Sunday, March 23, 2008

John Adams and the Future of Civilizations


I've been reading David McCullough's biography John Adams, and I'm enjoying it very much.  Biographies are probably my favorite way to explore history.  I'm especially partial to biographies of musicians, but every once in a while I take the time to explore some of the larger trends and happenings that occur away from the piano.  And well-written biographies that put the person in context within their culture and the place that they lived give such a personal, visceral flavor to the historical or private events depicted.  Every person's life is a story, of course, with its own dramatic arc, of temptations and failures and success and change, and often much more exciting to me than more general or scholarly compendiums of events and issues.

Anyway, yesterday I was particularly struck by something that was going on in Adam's head during the 1776 meetings of the Continental Congress, when they were debating whether to declare independence or not and planning the flegdling war in New England and New York.  Adams was clearly a man inclined and capable of seeing the big picture, and he was very aware of the uniqueness of his and his fellow patriots' position, not so much as being swept up in the midst of war and revolution, but in being in the very rare circumstance of being given a chance to build their government from scratch.    McCullough quotes Adams as pointing out how many great thinkers of the past would have wished to live in "a period when a coincidence of circumstances without example has afforded to thirteen colonies at once an opportunity of beginning government anew from the foundation and building as they choose.  How few of the human race have ever had an opportunity of choosing a system of government for themselves and their children?  How few have ever had anything more of choice in government than in climate?"

And how few, even amongst thoughtful, intelligent people, would truly recognize the uncommon situation they were in?  It is clear, from McCullough's view at least, that very few really saw the longer view apart from their desire to break from tyranny and get on with their lives, but Adams was very aware of the potential, and the danger, that would be ushered in even with resounding victory.  All cynical views aside, I am finding myself grateful that our founding fathers had the foresight to think about these issues, deeply and convincingly, and to set up structures that protect me even to this day in a far from perfect world and government.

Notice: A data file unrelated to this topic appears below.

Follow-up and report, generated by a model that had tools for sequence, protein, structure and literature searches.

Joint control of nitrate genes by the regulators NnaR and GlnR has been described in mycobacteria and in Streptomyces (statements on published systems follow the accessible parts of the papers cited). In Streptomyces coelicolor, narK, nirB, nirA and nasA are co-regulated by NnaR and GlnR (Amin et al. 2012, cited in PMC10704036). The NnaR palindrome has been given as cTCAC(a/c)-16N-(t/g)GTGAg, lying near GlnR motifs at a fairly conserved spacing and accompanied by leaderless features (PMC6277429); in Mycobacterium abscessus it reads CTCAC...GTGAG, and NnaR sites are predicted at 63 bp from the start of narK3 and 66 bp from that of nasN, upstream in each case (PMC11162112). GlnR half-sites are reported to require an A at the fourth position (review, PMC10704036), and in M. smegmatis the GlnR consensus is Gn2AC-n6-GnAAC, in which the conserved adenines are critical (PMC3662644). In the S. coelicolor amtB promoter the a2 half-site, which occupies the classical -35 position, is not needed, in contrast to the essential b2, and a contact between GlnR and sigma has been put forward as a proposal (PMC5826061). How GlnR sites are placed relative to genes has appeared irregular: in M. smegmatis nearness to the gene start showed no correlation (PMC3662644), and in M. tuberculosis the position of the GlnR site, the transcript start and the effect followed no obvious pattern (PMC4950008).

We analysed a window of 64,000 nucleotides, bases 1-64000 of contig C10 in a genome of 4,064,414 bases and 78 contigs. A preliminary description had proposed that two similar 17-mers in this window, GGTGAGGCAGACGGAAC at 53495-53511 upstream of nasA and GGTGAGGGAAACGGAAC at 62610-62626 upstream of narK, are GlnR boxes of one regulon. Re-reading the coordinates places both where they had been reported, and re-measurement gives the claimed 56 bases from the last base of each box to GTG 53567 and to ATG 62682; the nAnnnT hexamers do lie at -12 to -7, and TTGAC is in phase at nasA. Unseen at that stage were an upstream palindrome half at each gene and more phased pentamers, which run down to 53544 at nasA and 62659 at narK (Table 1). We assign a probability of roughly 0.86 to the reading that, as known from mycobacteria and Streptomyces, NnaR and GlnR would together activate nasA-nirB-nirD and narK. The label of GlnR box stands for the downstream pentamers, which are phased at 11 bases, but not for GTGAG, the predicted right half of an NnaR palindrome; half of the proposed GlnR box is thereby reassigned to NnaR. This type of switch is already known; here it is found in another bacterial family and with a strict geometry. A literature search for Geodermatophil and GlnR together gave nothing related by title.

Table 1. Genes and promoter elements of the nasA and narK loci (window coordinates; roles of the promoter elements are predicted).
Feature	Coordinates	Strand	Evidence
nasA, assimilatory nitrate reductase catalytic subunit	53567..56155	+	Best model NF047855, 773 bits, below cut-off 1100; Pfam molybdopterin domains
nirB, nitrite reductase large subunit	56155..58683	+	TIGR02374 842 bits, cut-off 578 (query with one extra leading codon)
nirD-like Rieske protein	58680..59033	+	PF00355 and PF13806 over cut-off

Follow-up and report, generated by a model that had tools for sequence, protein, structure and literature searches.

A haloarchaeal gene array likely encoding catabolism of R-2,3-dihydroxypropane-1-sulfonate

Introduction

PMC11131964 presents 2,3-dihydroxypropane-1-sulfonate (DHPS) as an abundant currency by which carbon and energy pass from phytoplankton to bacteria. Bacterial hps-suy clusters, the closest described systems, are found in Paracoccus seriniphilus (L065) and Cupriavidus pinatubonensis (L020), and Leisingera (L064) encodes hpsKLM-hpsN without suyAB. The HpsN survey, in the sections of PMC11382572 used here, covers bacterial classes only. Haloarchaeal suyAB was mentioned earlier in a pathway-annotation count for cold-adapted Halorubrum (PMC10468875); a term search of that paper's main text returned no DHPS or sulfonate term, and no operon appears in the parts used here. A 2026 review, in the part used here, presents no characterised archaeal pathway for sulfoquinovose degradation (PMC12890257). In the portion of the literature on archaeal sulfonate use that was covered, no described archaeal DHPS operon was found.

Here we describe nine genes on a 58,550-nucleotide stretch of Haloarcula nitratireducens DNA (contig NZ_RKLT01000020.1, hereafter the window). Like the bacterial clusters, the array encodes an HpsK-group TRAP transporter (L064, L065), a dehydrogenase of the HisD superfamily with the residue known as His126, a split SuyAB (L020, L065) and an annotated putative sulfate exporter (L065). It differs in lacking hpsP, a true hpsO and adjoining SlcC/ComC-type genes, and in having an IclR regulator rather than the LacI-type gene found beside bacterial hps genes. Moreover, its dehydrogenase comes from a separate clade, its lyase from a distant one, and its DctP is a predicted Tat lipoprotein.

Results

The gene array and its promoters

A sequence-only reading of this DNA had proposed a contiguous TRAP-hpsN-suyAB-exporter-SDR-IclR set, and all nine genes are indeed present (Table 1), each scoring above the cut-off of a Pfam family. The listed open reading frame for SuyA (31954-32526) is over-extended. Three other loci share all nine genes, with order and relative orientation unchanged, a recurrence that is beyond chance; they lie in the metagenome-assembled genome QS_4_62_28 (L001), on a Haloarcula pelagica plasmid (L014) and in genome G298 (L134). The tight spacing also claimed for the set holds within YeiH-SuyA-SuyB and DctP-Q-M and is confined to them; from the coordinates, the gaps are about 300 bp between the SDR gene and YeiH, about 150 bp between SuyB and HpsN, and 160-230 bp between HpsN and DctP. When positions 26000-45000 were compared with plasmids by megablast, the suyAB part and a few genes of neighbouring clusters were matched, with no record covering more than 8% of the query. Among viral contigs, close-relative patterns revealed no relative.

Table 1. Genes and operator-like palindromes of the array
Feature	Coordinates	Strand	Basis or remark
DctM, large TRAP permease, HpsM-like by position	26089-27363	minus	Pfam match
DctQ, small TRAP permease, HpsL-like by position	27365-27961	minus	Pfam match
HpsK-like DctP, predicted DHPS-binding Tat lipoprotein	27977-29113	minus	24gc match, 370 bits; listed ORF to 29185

Our last century has had its share of trials and times when it seemed the trajectory of civilization rested delicately on a wobbling fulcrum, mostly stemming from the synergistic combination of advancing technology and social philosophy.  It seemed that every generation had its own world-shaking battles.  It is frightening to realize that they are not over and that technology has not slowed down, and that our lives, our governments and our planet are at considerable risk.  We are again living, I think, in a crucial time, but it is also a much bigger world.  How many of us can truly say we are there at the balance point, like John Adams was, recognize it and have the vision to act accordingly and honorably?  Or maybe that's not the point at all; certainly even in the much smaller world of the thirteen colonies there would have been no revolution were it not for the anger and vocal support of a large portion of the population.  Or maybe the biggest battles will not be on the political front, but in the millions of little decisions we all make trying to make the world a better place.  Maybe that was always the driving force behind political will, anyway, the little things that made Adams into the person of strength, honesty and foresight that he seemed to be.  The non-political grassroots of education, family and compassion.  

Or maybe I'm just trying to find a place for myself, feeling somewhat powerless within the machinations of world politics and giant elections.  When threatened with global climate change, loss of natural resources (including what I think is our biggest long-term challenge, looming shortages of oil), international war, terrorism, over-population, loss of traditional skills and knowledge, expanding class tensions, concentration of power and resources in a few corporations and powerful people...

Now I'm ranting.  And sometimes frightened!  But not hopelessly discouraged, while there's still a place for us to drag a guitar over to a friend's house to share music and a meal together and to think about others compassionately and thoughtfully.  And then to go on and do our part, whatever that may be.

3 comments:

Fenrisar said...

See please here

Brad Kenney said...

Hey Bri, a couple excellent posts in a row...
Just caught up with Meg last night via Google Chat and was checking out her new blog platform -- very cool.
FYI watch out for comments like this -- don't know who "fenrisar" is, but there's a lot of malicious comment malware behavior I've been reading about...!

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